Robinson: One thing that really helps right now is we’re past the age of having mapping software that takes you weeks and weeks to have the basics. The software I’m using in the course, ArcGIS Online, works in a browser. It’s very usable. It’s not perfect but it’s quite good. Also, there are tons of datasets that are available now and searchable. Those are things we spent weeks and weeks on even when I was an undergrad, and that wasn’t that long ago. The technology threshold that it takes to make a map and do some spatial analysis has now ratcheted down to the point where it’s possible to do this with people all over the world working on different technology platforms. I don’t think I could teach this class even two years ago.
July 12, 2013
Sir Humphrey on the mapping uproar:
Several UK newspapers reported this week the findings of the UK Parliaments Intelligence & Security Committee report that during OP ELLAMY, the UK had relied on Germany to provide mapping for the RAF to conduct its missions. This was apparently a disgraceful sign of a nation in decline and that we should all be jolly ashamed of ourselves.
The reality (as ever!) is a little different and one worth thinking about. Maps are something that we all take for granted in our daily lives, and they are an utterly indispensable part of modern military operations (even in the hands of a newly appointed young officer). We perhaps take for granted the information on them, without considering how it is obtained. In the UK the Ordnance Survey has over many hundreds of years done a phenomenal job of providing accurate information almost down to the last manhole cover about what lies where. At sea the Hydrographic Service has similarly spent many hundreds of years charting the oceans and waters of the planet — it is not an exaggeration to say that in some of the more remote parts of the globe, the only charts in use date back to the surveys done by Captain Cook or other explorers. As a national asset the Hydrographic Office in particular is absolutely priceless — very few nations run credible hydrographic programmes beyond the UK, US, Russia and China. The Royal Navy, with its extremely effective and very hard worked survey fleet has been able to become a global leader in providing accurate chart information to the world — indeed many countries are enormously reliant on the UK for providing charts for their warships.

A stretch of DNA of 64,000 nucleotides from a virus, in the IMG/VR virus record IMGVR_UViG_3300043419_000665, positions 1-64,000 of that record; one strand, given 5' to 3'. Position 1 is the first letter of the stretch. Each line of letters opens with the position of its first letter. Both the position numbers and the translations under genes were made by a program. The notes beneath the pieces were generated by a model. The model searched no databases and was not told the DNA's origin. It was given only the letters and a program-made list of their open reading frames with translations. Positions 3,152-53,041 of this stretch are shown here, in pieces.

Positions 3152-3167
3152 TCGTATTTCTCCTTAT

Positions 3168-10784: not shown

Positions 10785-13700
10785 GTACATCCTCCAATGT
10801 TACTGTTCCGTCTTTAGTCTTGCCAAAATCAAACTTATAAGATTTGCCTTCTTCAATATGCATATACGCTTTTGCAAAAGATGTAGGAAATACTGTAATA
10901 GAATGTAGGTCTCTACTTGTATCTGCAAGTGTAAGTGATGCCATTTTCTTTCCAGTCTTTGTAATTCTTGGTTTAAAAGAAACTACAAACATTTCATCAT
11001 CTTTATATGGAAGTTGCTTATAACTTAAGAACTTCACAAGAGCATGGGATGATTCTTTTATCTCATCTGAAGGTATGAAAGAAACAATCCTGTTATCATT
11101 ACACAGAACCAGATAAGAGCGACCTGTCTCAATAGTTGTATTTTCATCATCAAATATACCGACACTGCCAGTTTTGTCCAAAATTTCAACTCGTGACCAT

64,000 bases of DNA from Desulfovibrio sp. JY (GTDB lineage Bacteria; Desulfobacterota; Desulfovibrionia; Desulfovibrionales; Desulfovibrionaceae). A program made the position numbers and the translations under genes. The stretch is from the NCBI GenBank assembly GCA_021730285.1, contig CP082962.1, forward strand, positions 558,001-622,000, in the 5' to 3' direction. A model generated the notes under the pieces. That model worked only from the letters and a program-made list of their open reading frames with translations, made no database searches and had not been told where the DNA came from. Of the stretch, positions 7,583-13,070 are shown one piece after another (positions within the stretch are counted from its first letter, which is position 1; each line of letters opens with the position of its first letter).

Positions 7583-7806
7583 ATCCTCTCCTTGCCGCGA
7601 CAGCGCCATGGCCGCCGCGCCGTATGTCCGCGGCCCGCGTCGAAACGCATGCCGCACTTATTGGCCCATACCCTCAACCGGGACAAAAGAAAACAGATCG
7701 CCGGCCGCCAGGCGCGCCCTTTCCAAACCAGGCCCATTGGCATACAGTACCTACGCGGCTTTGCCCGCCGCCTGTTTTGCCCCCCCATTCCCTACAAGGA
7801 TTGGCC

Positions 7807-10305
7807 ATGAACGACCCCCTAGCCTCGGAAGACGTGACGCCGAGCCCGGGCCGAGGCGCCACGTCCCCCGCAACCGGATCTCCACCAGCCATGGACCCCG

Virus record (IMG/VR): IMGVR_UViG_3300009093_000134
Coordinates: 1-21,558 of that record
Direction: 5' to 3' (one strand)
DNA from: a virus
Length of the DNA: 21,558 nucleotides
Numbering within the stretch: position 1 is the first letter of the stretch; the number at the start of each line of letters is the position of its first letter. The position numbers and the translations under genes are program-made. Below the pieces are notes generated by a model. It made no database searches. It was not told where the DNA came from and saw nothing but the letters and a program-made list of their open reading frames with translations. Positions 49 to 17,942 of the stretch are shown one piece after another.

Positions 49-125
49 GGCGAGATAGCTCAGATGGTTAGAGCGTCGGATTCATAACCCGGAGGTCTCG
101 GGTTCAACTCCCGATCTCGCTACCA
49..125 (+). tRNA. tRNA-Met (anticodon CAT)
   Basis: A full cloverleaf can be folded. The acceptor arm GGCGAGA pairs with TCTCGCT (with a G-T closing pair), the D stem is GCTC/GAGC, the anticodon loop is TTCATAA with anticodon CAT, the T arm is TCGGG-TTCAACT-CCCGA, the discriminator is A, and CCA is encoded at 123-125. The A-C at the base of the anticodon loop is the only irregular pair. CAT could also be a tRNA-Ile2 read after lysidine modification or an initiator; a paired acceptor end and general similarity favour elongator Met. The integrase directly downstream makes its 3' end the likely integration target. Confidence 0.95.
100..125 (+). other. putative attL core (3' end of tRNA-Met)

But, to put a map or chart together is an enormously complicated piece of work which takes a lot of time and effort. No country on earth currently has the resources to provide a truly global and accurate mapping capability of all the nations and areas that it may need military mapping for. Its not just a case of putting down some generic top level mapping and hoping that’s enough — modern military operations require a lot of detail, and to be able to work effectively, mapping is needed at a very high level of detail. When it comes to targeting, knowing whether a particular target is located at grid reference 123456, or 12345678 can make a huge difference — precision weapons nowadays mean that the chances of hitting the intended spot are much higher than ever before. This means you can destroy a critical node or facility without necessarily doing much in the way of wider damage, which makes rebuilding efforts easier, and also reduces the risk of civilian casualties.
[. . .]